“When somebody is addicted to an opioid, it’s a major undertaking to detox and go through rehab. It’s not something we can do in the emergency department,” said Justin Griner, PharmD, Regional One Health emergency department pharmacist.

“But what we could do is move away from opioids as the first line when appropriate. When there is a non-addictive alternative, we use that instead.”

That idea formed the basis for the Opioid Light pilot program at Regional One Health. Dr. Smartt and Griner created a dashboard that prompts providers to consider opioid alternatives and to evaluate pain more often in hopes of discontinuing opioids sooner.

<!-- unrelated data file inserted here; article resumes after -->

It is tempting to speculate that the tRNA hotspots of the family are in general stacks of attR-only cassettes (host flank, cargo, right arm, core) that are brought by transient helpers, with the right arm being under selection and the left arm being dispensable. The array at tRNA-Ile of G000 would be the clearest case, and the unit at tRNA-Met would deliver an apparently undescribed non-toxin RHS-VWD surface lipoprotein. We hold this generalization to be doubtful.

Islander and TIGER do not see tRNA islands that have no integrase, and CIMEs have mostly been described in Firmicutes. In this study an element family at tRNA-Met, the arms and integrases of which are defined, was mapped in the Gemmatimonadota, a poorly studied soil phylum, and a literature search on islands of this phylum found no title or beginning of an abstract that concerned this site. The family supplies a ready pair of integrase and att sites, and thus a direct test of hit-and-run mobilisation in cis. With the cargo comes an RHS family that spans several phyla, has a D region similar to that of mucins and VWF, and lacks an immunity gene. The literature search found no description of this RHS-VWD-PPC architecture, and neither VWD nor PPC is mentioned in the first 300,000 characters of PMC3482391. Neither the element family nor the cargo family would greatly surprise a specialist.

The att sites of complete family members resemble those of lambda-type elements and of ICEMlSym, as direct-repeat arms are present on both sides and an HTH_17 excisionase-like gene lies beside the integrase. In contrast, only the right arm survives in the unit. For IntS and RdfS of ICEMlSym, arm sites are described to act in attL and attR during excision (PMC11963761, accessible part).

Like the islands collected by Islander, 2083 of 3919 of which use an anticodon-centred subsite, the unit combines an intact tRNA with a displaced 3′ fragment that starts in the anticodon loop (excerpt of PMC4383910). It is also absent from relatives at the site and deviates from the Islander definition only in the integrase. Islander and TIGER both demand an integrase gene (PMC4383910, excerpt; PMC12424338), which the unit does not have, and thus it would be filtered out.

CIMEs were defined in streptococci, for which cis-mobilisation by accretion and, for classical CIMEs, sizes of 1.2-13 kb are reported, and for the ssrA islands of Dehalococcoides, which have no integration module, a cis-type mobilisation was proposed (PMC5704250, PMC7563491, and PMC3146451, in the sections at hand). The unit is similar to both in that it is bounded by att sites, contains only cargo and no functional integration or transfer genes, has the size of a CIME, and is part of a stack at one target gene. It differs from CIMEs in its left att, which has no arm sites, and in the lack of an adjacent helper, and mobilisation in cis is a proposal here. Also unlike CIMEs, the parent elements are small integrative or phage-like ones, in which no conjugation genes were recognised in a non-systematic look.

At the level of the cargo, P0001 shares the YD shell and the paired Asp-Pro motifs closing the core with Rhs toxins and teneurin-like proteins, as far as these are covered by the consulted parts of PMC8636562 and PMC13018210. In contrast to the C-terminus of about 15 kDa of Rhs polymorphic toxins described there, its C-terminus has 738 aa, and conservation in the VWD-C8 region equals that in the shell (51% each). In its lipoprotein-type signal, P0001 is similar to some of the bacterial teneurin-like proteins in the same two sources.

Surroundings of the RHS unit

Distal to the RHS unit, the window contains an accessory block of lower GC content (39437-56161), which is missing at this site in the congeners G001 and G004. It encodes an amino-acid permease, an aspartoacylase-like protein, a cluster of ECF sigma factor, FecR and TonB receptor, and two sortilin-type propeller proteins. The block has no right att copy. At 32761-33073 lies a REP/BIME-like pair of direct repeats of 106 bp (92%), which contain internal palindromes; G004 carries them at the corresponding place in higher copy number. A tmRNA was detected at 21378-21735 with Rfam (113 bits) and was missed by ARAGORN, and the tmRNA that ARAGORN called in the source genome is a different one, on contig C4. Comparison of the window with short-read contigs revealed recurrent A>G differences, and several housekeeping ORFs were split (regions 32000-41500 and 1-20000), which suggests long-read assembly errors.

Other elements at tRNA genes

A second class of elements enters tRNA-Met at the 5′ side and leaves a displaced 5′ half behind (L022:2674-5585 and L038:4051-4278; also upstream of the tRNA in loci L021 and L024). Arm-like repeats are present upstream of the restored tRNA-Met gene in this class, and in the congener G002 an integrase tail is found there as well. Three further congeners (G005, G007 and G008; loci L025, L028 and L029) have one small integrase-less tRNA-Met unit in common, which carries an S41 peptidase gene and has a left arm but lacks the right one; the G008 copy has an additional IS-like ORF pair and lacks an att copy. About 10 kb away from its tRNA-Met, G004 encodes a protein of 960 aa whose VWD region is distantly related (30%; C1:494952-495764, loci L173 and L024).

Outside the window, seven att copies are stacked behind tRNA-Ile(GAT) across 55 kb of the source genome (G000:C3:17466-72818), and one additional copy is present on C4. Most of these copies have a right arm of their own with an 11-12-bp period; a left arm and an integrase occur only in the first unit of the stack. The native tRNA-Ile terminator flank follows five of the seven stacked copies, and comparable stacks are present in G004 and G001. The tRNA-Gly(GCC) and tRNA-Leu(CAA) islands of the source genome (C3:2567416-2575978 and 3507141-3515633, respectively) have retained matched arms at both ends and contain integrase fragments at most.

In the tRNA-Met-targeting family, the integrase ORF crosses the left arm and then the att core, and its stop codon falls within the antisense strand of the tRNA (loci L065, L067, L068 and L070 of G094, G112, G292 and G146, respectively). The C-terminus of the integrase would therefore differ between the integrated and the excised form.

“Doctors have to look at the patient and ask, ‘How many days will they be in acute pain? How many pills do they really need?’” Dr. Smartt says.

Griner explained why both are so important: “We’re looking at the long game – trying to cut it off at the pass and prevent that cascade into addiction,” he explained.

He noted even a short course of opioids can lead to dependence. The body quickly develops a tolerance, so in months a patient can go from taking a few pills a day to dozens: “Eventually, the amount someone takes when they’re in the throes of addiction is astronomical.”

That’s when many addicts turn to illegal drugs like heroin, which are cheaper and more readily available, Dr. Smartt said. That opens up new problems, as heroin sold on the street may be laced with powerful synthetic drugs like fentanyl, which are often the culprit for overdoses.